By PETER APPLEBOME -
|From left to right,Timothy Mannion, Timothy Vanover, Rocky the horse and Kindoo Mannion-Vanover slowly |
lead the funeral car from their home to the church as they mourn the death of Maurice Mannion-Vanover.
Beyond that, well, it was what you could never quite know as much as what you could that drew 500 people, friends and strangers, to St. Luke’s Episcopal Church on Saturday to ponder the lesson in grace and resilience, the parable of good lives and deeds outside the prescribed lines, in the remarkably long and way-too-short life of Maurice Mannion-Vanover, dead at the age of 20 on Jan. 14.
Few people begin life with so many strikes against them as Maurice had when he was born with AIDS on Sept. 11, 1990, to a crack-addicted mother in a hospital in Washington. There were physical and developmental issues severe enough that his twin sister, Michelle Reed, lived only 20 months. Deserted by his parents, he got his first break in 1993 when two men, intent on caring for a baby with serious physical needs, agreed to take him in.
The two, who came to be known as the Tims, Tim Mannion and Tim Vanover, were told he would probably live six months. But, to everyone’s amazement, he began to thrive. He gained weight. His T-cell count steadily increased. In 1996, they adopted him, becoming the first gay couple in Washington to adopt a child. A year later, they adopted a second son, Kindoo, eight years older. When Tim Vanover got a new job in New York, they moved to Montclair in 1998.
Eventually, the family of two white gay men and two black children became two men, two children and one horse, Rocky, short for Rockefeller. The Tims bought Rocky, a 4-year-old cross between a Morgan and a quarter horse, for $3,500 in 2002 and gave him to Maurice on Christmas Eve.
Montclair, a densely populated suburb, isn’t exactly horse country, but they had a double lot with an old carriage house near downtown. And Maurice had fallen in love with horses, almost transformed by their presence. Atop a horse, seemingly glued to the saddle, the slender child seemed to blossom, his back straighter, his eyes brighter, as if on top not of a horse, but of the world.
To say this was a blessing for Maurice is an understatement. But it wasn’t just for Maurice. Before long, everyone in Montclair, certainly every kid, knew about the house with the horse and the incredibly lucky kid who owned him. And before long, the intersection of Union and Harrison was a mecca for children and a magnet for passers-by, invariably greeted with a wave from Maurice and often a greeting from Rocky, who trotted up to view neighbors each day on their way to work.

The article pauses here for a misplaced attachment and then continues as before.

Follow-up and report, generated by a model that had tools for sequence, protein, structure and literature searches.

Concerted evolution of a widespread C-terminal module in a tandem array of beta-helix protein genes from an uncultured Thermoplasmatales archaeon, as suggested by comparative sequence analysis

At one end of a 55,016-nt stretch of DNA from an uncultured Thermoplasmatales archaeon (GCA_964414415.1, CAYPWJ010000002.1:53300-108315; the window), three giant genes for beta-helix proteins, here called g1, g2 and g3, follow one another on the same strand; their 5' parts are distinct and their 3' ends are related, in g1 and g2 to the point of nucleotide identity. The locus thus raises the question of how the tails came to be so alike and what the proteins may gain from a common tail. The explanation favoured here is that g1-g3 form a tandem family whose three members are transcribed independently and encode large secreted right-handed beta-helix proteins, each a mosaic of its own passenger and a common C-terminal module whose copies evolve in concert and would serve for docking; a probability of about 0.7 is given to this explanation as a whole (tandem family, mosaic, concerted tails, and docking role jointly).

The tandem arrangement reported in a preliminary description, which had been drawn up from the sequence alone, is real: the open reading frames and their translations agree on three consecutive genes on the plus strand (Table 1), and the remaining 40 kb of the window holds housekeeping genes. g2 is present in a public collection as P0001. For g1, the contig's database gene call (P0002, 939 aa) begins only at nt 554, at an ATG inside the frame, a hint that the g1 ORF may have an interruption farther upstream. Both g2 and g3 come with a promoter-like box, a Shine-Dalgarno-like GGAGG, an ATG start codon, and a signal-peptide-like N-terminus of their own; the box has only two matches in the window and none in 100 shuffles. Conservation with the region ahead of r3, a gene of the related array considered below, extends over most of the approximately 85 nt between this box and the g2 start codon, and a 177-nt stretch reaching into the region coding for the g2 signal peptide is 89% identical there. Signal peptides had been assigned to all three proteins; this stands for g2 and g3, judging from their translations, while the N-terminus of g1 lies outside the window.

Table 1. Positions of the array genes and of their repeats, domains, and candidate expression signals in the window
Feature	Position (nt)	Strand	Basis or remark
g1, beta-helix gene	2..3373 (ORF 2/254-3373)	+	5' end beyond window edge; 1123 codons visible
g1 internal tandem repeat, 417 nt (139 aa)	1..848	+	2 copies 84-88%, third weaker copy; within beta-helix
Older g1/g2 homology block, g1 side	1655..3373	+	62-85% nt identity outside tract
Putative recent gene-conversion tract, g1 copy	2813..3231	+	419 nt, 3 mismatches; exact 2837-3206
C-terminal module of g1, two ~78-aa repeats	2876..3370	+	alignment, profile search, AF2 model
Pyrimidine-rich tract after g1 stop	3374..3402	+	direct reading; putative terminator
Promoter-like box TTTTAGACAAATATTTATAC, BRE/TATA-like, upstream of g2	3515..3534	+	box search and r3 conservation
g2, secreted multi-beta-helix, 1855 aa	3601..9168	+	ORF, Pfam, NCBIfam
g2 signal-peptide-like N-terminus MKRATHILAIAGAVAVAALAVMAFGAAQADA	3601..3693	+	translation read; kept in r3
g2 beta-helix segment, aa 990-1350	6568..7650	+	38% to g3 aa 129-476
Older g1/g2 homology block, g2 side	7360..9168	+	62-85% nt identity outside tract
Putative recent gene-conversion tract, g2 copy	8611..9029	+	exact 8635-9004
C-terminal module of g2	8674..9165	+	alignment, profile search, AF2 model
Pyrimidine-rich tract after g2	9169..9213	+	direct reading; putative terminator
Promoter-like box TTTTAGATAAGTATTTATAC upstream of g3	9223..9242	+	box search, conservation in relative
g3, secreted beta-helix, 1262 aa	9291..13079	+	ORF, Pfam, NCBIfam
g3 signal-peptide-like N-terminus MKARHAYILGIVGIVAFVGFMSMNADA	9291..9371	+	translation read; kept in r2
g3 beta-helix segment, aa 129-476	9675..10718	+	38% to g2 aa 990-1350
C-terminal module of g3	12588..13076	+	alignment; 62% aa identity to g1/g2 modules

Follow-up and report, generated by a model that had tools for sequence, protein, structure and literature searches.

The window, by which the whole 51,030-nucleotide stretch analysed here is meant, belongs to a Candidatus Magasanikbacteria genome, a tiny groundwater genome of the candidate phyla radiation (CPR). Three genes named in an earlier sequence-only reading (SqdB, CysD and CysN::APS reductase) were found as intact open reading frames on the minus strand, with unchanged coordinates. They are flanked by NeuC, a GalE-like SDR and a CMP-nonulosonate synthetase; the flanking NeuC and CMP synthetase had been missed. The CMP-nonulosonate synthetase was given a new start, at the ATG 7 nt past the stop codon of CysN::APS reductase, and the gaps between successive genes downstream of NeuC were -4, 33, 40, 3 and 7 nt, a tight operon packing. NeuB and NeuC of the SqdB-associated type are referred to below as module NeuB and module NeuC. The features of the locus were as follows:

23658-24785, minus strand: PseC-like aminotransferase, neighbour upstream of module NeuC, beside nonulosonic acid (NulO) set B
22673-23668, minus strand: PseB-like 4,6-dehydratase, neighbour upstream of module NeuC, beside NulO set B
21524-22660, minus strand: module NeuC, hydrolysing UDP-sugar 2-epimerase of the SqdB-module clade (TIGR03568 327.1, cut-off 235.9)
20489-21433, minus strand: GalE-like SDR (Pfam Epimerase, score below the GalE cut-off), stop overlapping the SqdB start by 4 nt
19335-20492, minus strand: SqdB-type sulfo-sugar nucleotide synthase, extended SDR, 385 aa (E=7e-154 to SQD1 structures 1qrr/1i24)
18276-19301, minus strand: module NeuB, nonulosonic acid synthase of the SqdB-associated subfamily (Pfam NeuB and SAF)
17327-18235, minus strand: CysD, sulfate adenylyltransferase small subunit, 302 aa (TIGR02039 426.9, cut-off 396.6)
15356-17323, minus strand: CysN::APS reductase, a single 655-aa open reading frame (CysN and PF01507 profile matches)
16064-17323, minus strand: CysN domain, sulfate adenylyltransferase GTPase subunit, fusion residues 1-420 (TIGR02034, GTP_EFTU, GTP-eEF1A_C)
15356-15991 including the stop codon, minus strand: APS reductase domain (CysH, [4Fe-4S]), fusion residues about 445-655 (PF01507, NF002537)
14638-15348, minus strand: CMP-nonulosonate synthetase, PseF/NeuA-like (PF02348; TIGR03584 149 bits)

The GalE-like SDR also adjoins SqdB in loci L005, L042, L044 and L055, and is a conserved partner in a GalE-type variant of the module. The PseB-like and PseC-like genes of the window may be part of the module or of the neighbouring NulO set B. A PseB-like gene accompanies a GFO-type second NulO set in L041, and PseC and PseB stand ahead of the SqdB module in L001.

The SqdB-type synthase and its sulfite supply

It’s not as if everything went smoothly. Far from it. Maurice’s health could be precarious, like the heart condition that almost killed him in 1998.
|Maurice Mannion-Vanover, |
with his horse, Rocky.
None of that affected Maurice, who became a fixture in his neighborhood and church, a Buddha smile always on his face, the iPod — full of Ella Fitzgerald, Edith Piaf, “The Lion King” — seemingly permanently attached. He graduated from a special-education high school, traveled to Central America, Europe and Africa with his fathers, volunteered at the church food ministry. On Dec. 12, he became a black belt in tae kwon do. He wanted to live on his own and become an elementary school teacher’s aide.
And then on a trip to Toronto in January with Mr. Vanover, he got sick. Then he got sicker. There was pneumonia, sepsis, acute renal failure. “It’s time,” he said several times, seemingly in his normal, slightly Delphic voice. No one knew quite what he meant, but it didn’t occur to anyone it meant that this was all the time he had. But it was.
Making sense of it all goes far beyond the known facts of Maurice, the Tims and Rocky the Horse: the way his beloved dog, Hunter, keeled over and died a few hours after Maurice passed on; the way Rocky took Mr. Vanover’s head with his own and drew it close to him, as if sharing grief in a hug. Before the funeral service, Rocky, the Tims and Kindoo walked to the church in front of the hearse. Maurice’s priest and friend, the Rev. John A. Mennell, recalled his incandescent smile, his cut-to-the-chase greetings, his unerring instinct for doing the right thing, if not always the proper one.
He recalled the day Maurice was helping with the collection plate.
“You can do better,” Maurice said amiably to one congregant. It was the story of his life. You can do better, he said, and without quite knowing it, everyone did.